The protagonist of the story is beset by a character named “Sam-I-Am,” who repeatedly tries what in advertising is called “the hard sell” — for a plate of green eggs and ham. The protagonist refuses to eat this dish multiple times, until finally — in order to make Sam-I-Am leave him alone — he breaks down and tries a forkful. Whereupon he discovers that he does like green eggs and ham, after all — he just needed to get past his fear of something new and actually try them. The moral, as with all Seussian morals, is so easy to draw a child understands it.
Ted Cruz, though — quite obviously — does not.
He even tried to equate Obamacare with green eggs and ham. Totally, completely, utterly missing the point that perhaps if America tried a little Obamacare, they wouldn’t find it so objectionable. I mean, there simply is no other possible interpretation of the storyline. Coupled with the fact (which even Republicans are pointing out on the Senate floor, mind you) that Cruz’s only goal this week was to get his mug on television (again: it was not a filibuster!), we feel it is entirely appropriate to henceforth ridicule Cruz with the moniker “Senator Ham-I-Am.” Feel free to use this liberally, in future discussions of Ted Cruz.
We cannot claim ownership of the term, though. We got it from the brilliant Washington Post cartoonist Tom Toles. Since the Post seems to have done away with permalinks to Toles’s cartoons, the one referred to (if this link doesn’t work) is Ted Cruz facing Uncle Sam, who is offering him some Obamacare on a fork. Toles struggles with his fake Seuss dialog (it’s not as easy to write as you would think — try it some time to see!), but he does end it well with:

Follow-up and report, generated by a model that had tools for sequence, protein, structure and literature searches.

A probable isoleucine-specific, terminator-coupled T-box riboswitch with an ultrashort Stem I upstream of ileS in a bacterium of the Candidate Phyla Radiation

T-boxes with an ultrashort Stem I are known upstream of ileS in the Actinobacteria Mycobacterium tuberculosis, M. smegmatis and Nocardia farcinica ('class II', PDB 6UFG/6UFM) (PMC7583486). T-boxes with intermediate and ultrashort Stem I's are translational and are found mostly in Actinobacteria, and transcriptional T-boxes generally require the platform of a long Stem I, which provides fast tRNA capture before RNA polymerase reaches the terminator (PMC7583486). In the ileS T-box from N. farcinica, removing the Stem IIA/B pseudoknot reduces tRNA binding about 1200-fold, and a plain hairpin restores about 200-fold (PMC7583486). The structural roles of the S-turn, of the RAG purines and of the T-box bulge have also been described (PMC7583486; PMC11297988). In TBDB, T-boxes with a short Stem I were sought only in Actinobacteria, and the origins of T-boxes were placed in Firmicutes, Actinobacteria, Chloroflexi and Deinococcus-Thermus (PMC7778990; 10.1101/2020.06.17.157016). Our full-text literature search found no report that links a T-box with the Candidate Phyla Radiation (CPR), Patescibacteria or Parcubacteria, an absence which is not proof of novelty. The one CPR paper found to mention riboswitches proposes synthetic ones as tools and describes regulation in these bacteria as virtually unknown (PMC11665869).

I do not like it here or there,
I do not like Obamacare.
I do not like it, Sam-I-Am,
I like to grandstand, Ham-I-Am.
To which Uncle Sam is responding: “Just try it.” Because, after all, that is the moral of the story.
Increasingly, the condemnation of Ted Cruz is coming from within his own party. The term “civil war” is cropping up to describe the intra-party viciousness. Leading this effort are Senators John McCain and Bob Corker — who (accurately) pointed out this week — on the Senate floor — that the only thing that seems to matter to Cruz is getting himself on television. Cruz is also brewing rebellion by publicly undercutting the Speaker of the House and trying to form his own “Cruz Caucus” in the House. But it’s not just Boehner who is feeling the wrath of the Cruzites (Cruzians?), Fox News has also come under attack from three Tea Party media stars: Sarah Palin, Mike Lee, and Rush Limbaugh. They’re eating their own, folks. Couldn’t have happened to a nicer political party, really. Stores in blue states are reporting shortages of popcorn on the shelves, as Democrats just sit back and watch the fur fly (well, no, that’s not actually true, we just thought it’d be funny, that’s all).